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Mainstream, VOL LIV No 23 New Delhi May 28, 2016

Amazing Story From Fine Print on State Elections

Sunday 29 May 2016, by M K Bhadrakumar

The Bharatiya Janata Party has always excelled in its mastery of the art of hyperbole. Remember ‘Shining India’? The hype that the party leadership is giving to the BJP’s perfor-mance in the recent State elections—in Assam, West Bengal, Tamil Nadu and Kerala and in the Union Territory of Puducherry—does not come as a surprise.

The BJP narrative is four-fold: one, the BJP has eclipsed the Congress as the star performer in these State elections; two, India is getting rid of the Congress; three, the BJP is now a truly national party with a dynamic presence all over the country; and, four, the “BJP’s ideology is being accepted, appreciated and supported by more and more people”. (PM Narendra Modi)

However, the fine print contradicts the narrative. Reproduced below are certain perti-nent observations culled out from social network sites (which are any day providing far more insightful views on Indian politics than our plaint corporate media):

Out of the aggregate 812 seats contested in the recent elections, the Congress won 115 and the BJP 64. Yet it is being claimed that the BJP won a great victory and the Congress was “routed”.

In terms of popular vote, the Congress got almost thrice as much as the BJP.

The BJP won 60 MLAs in Assam with a population of 31 million. But it could win only eight MLA seats in the other States (minus Assam), which have a combined population of about 250 million.

Then, there are the fine prints

In Tamil Nadu, the BJP candidates lost their deposits in 230 out of 232 seats (because they couldn’t secure even one-sixth of the votes polled in the constituency).

The BJP’s vote-share in these Assembly elections, in comparison with the 2014 poll, actually declined. In Assam, it dropped from 36.5 per cent in the 2014 poll to 30.1 per cent in the State elections; in West Bengal it dropped from 16.8 per cent to 10.3 per cent; in Tamil Nadu from 5.56 per cent to 2.7 per cent. Kerala, the smallest of the four States, is the solitary exception where the BJP candidates actually increased their party’s vote-share from 10.33 per cent in 2014 to 10.7 in the State elections.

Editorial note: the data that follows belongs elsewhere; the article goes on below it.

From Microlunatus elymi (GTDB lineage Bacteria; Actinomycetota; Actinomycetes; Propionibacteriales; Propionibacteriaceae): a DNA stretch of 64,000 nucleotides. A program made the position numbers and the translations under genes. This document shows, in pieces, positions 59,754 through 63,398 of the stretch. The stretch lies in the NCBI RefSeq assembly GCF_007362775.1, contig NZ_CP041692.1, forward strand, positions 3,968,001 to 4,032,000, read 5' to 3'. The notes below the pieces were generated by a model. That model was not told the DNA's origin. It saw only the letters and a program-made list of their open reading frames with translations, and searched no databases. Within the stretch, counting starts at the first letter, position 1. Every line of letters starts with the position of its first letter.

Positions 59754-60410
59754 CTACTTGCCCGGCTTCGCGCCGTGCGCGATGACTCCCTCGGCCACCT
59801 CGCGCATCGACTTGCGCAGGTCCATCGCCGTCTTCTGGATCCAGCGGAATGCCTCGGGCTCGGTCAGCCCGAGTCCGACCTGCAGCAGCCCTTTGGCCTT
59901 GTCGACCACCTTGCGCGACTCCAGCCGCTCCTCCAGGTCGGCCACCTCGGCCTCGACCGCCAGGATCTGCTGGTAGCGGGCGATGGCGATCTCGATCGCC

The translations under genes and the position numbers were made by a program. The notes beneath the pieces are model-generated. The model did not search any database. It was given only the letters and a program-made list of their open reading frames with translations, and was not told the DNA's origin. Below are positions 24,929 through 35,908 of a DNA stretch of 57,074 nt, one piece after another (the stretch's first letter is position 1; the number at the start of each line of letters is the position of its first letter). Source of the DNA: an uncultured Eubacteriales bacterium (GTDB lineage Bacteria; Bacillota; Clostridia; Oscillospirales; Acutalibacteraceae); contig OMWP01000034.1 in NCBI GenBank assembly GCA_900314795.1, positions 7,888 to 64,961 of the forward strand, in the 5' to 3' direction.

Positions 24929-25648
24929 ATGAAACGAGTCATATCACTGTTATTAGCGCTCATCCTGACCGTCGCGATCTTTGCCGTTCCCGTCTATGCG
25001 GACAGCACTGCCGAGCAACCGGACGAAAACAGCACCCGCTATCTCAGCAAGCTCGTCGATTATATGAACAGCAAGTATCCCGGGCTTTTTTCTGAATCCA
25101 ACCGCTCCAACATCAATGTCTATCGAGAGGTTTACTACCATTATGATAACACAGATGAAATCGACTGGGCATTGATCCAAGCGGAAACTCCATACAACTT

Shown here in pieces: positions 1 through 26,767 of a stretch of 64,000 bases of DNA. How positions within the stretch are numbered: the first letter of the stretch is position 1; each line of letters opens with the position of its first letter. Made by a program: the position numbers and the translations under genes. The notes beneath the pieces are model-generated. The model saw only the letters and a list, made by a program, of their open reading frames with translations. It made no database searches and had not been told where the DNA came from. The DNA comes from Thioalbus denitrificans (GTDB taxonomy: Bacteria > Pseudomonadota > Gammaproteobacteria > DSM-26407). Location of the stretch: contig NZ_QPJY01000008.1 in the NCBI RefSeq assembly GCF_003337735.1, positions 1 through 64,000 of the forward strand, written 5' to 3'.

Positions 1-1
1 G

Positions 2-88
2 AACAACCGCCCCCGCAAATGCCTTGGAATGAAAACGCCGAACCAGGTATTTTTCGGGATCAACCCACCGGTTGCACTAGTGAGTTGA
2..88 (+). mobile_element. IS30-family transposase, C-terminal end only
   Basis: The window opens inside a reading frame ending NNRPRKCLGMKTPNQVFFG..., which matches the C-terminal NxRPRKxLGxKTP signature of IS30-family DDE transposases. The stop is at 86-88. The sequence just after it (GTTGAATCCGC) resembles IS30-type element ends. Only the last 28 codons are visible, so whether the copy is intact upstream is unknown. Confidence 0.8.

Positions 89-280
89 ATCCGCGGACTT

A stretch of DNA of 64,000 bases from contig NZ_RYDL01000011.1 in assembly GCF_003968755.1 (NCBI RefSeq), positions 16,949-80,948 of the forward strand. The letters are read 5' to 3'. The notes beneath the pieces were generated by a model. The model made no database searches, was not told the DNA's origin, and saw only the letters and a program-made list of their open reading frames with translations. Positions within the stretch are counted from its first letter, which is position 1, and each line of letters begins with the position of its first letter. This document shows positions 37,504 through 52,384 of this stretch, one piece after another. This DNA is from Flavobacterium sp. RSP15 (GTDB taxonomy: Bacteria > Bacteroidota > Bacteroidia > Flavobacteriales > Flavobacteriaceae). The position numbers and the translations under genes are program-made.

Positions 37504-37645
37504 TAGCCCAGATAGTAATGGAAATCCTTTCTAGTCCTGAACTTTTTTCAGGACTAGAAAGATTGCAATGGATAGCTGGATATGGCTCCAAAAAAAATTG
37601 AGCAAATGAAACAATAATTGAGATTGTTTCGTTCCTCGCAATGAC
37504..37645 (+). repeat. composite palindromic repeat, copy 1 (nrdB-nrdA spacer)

Then, there are the still finer points as regards the fortunes of the Congress Party, which put a question-mark on the BJP thesis that Indians are getting rid of the Congress Party:

Contrary to the BJP’s abysmal record of decline in vote-share, the Congress Party actually increased its vote-share in the State elections in comparison with its performance in 2014. The figures are: Assam (increase from 29.6 to 31 per cent); West Bengal (increase from 9.58 to 11.9 per cent); Tamil Nadu (increase from 4.3 to 6.5 per cent.)

Again, the only exception is Kerala where its votes-share of 31.3 per cent in the 2014 poll dropped to 23.8 per cent in the State elections.

How Modi could draw such a sweeping conclusion that “more and more people” are accepting the BJP’s ideology, I do not know.

To be sure, the BJP’s capture of power in Assam is impressive. But then, the fine print here is that the BJP made some smart electoral alliances—while the Congress, on the other hand, was exceedingly foolish to keep the overtures from Muslim parties at arm’s length. Equally, the BJP was not only willing to put its ideology on the backburner, Modi himself adopted (uncharacteris-tically but wisely) a self-effacing role for himself in the campaign and instead projected local Assamese leaders as the party’s mascot.

Now, do the recent elections suggest that the BJP is a rising star in West Bengal, Tamil Nadu or Kerala? I don’t think so, and let me explain why. Given the big population of minority communities in West Bengal and Kerala, the BJP will continue to remain a pariah in coalition politics. As for Tamil Nadu, the BJP remains a peripheral force until the cycle of Dravida politics finally ends.

Finally, does the win in Assam help the BJP to capture power in Uttar Pradesh and Punjab? No, Assam is not a trail-blazer. It could have some limited impact in one or two North-Eastern States—excluding Tripura, of course— but is really a ‘stand alone’ case.

Ambassador M.K. Bhadrakumar served as a career diplomat in the Indian Foreign Service for over 29 years, with postings including India’s ambassador to Uzbekistan (1995-1998) and to Turkey (1998-2001).

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